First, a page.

ESPN report: MU violated Title IX

By federal law, the university has a legal responsibility to promptly respond in ways that protect the victim, end the discriminatory conduct and prevent it from recurring.
Missouri Tigers tailback Derrick Washington evades the Nevada defense during a game Sept. 13, 2008. "Outside the Lines" reported Thursday that Washington allegedly sexually assaulted a former MU student in October 2008. Maneater File Photo

A report published Thursday by ESPN’s “Outside the Lines” uncovered new allegations against former Missouri running back Derrick Washington – in the handling of which MU, according to ESPN, violated Title IX.

“Outside the Lines” also reported that a Mizzou soccer coach talked a women's soccer player out of filing an assault charge against Washington following an incident that occurred at a Columbia bar on May 6, 2010. The soccer player is not identified in the report.

In the report, “Outside the Lines” interviewed a former MU student who was kept anonymous and was referred to as “Jess.” She told ESPN that in October 2008 she performed oral sex on Washington but did not want to have sex with him. She said Washington then got on top of her and raped her.

In the interview with ESPN, the student said that Washington threatened to kill her if she told anyone about the incident.

According to ESPN, 'Jess' eventually did go the MU Police Department. Washington, who was dismissed from the Mizzou football team in September 2010, is on video telling detective Sam Easley of MUPD that what he did “shouldn’t have happened,” but that he did not consider it assault.

ESPN reported that Boone County assistant prosecutor Andrew Scholz declined to press charges. Instead, Scholz and Washington reached an agreement in which Washington took rape awareness classes and did not contact 'Jess.' Scholz told ESPN there were a number of issues with the case that came up when interviewing witnesses.

According to ESPN, university officials knew of the rape allegation. As part of federal law, regardless of what authorities did, the university should have begun an open Title IX investigation. Such an investigation is different from a criminal case: while a criminal case requires proof beyond a reasonable doubt in order for guilt to be found, a Title IX case only needs a “preponderance of evidence.”

Jess told ESPN she never heard from the university regarding a Title IX or student disciplinary investigation.

"I stayed in my dorm room with the doors locked. ... I don't think I went to class for weeks or maybe even a month," she told ESPN.

Washington would play the rest of the 2008-2009 season, and all of the following season. He then allegedly assaulted the unnamed Missouri soccer player at a Columbia bar in May 2010. According to the report, the soccer player said Washington “struck her with a closed fist on the left side of her face.”

A warrant for a third-degree assault was issued, according to the report, but the player then eased off. According to ESPN, she told a detective that her coach — confirmed by MU Chancellor R. Bowen Loftin to be Mizzou head coach Bryan Blitz — said “her scholarship would be fine if the incident stayed out of the news.”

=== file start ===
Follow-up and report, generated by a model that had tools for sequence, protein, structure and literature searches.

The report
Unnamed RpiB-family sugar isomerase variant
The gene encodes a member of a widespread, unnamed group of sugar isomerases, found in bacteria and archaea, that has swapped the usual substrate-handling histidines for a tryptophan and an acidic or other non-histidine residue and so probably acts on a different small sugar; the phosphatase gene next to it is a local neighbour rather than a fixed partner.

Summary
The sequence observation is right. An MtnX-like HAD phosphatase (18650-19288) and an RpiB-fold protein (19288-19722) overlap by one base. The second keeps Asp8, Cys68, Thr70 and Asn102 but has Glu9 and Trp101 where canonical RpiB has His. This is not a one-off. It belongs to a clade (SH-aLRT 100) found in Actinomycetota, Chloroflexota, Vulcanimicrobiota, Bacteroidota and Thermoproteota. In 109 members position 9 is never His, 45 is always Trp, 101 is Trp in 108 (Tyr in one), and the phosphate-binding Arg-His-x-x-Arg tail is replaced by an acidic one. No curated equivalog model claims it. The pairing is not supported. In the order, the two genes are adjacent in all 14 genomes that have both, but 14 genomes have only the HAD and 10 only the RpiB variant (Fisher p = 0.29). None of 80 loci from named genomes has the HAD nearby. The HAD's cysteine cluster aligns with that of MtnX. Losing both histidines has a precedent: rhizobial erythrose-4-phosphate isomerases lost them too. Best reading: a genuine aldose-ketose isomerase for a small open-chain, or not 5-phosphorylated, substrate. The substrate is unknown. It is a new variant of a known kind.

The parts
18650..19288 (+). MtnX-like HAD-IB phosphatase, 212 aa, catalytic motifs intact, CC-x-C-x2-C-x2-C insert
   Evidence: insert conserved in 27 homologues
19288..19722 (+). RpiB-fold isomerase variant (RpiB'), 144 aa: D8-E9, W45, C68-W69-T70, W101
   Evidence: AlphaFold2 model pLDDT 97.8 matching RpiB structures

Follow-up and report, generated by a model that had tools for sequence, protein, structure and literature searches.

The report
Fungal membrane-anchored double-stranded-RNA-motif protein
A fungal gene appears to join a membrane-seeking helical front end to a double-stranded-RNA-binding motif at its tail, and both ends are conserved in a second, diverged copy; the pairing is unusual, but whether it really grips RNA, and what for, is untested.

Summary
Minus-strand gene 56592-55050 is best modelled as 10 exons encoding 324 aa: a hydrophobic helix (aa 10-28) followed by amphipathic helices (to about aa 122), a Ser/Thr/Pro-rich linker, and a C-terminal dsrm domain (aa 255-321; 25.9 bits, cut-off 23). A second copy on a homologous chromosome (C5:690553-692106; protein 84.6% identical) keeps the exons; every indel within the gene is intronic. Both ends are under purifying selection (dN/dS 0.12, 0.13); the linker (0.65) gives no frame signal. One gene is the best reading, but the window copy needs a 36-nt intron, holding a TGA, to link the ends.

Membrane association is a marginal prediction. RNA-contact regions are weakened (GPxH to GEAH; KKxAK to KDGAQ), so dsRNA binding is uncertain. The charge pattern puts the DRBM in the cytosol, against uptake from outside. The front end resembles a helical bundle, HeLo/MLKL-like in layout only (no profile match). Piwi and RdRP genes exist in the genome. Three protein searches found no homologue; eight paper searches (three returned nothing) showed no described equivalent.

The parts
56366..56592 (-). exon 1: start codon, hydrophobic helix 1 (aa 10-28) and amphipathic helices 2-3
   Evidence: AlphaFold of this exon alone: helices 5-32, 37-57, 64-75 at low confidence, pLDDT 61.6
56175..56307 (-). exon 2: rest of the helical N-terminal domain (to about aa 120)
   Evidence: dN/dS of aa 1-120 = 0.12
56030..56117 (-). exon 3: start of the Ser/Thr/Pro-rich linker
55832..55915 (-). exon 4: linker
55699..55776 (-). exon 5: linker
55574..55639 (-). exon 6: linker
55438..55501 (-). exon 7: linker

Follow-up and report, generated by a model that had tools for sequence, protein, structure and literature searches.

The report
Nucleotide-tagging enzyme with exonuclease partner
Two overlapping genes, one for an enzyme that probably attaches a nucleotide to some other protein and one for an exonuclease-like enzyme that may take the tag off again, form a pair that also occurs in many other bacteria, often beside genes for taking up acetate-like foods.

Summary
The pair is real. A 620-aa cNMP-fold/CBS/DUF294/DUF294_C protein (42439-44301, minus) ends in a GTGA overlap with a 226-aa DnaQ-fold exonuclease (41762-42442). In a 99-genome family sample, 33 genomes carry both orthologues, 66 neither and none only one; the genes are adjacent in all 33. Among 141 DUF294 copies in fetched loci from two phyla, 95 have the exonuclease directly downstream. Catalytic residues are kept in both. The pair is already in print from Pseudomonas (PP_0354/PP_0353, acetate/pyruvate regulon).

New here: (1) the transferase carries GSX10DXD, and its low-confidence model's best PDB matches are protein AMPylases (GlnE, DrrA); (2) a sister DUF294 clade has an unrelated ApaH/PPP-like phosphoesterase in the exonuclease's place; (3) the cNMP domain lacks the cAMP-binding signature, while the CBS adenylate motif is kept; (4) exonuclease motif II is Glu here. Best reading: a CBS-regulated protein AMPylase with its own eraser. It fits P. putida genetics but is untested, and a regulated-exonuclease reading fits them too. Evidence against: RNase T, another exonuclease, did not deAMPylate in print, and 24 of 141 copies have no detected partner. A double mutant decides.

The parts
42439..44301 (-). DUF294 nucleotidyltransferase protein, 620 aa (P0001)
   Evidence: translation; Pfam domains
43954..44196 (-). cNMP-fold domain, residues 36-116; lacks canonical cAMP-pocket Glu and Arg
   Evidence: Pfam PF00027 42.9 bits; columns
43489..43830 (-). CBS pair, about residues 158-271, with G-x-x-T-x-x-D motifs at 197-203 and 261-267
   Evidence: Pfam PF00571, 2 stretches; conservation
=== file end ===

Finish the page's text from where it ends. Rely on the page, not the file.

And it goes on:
Loftin told media in a teleconference Thursday that Blitz meant further pursuing the incident through legal channels could result in the soccer player’s own arrest, which could ultimately affect her scholarship. Protecting Washington, Loftin said, “was not, in my understanding, the intention of the soccer coach.”

Blake Toppmeyer of the Columbia Daily Tribune called Blitz Thursday.

Washington would later be convicted in Sept. 2011 of deviant sexual assault after he entered the bedroom of a woman in June 2010 and digitally penetrated her.

In Feb. 2012, he plead guilty to third-degree misdemeanor domestic assault after he refused to leave his ex-girlfriend’s apartment at 1:30 a.m. Sept. 12, 2010. His ex-girlfriend was found on the night of the incident with a swollen forehead and bloody nose.

Loftin said in a released statement: “I know that even one case of sexual assault, domestic violence or a lack of resources to address a mental health concern violates our sacred responsibility to our students. Our students and their parents, our faculty and staff, our alumni and community neighbors all deserve a safe and secure campus environment, and you have my word and my solemn promise that I and our entire administration will continue to work toward that end.

“The changes and investments we have already made and the ones you will see in the future will make MU an exemplar for the safety and security of our students and a campus culture of respect in all of higher education.”

In the statement, Loftin noted all of the relevant Title IX and sexual assault policy changes that have been instituted at MU since he took over at the University six months ago.

ESPN reported UM System President Tim Wolfe, former Chancellor Brady Deaton, athletic director Mike Alden, football coach Gary Pinkel and MU Equity director Noel Ann English all declined to comment for the “Outside the Lines” story.

Loftin said that he was aware of the ESPN’s upcoming report for months because the news organization had requested information from MU.

“We of course did not know when it was coming precisely,” Loftin said. “There’s been months of time here that this story was going to develop.”

“Outside the Lines” previously covered Missouri’s Title IX procedures in January, when it published a piece about former Mizzou swimmer Sasha Menu Courey. According to that report, she was allegedly raped by a Missouri football player in February 2010. Menu Courey committed suicide in June 2011.

The “Outside the Lines” special is scheduled to air at 8 a.m. Sunday, Aug. 24 on ESPN.

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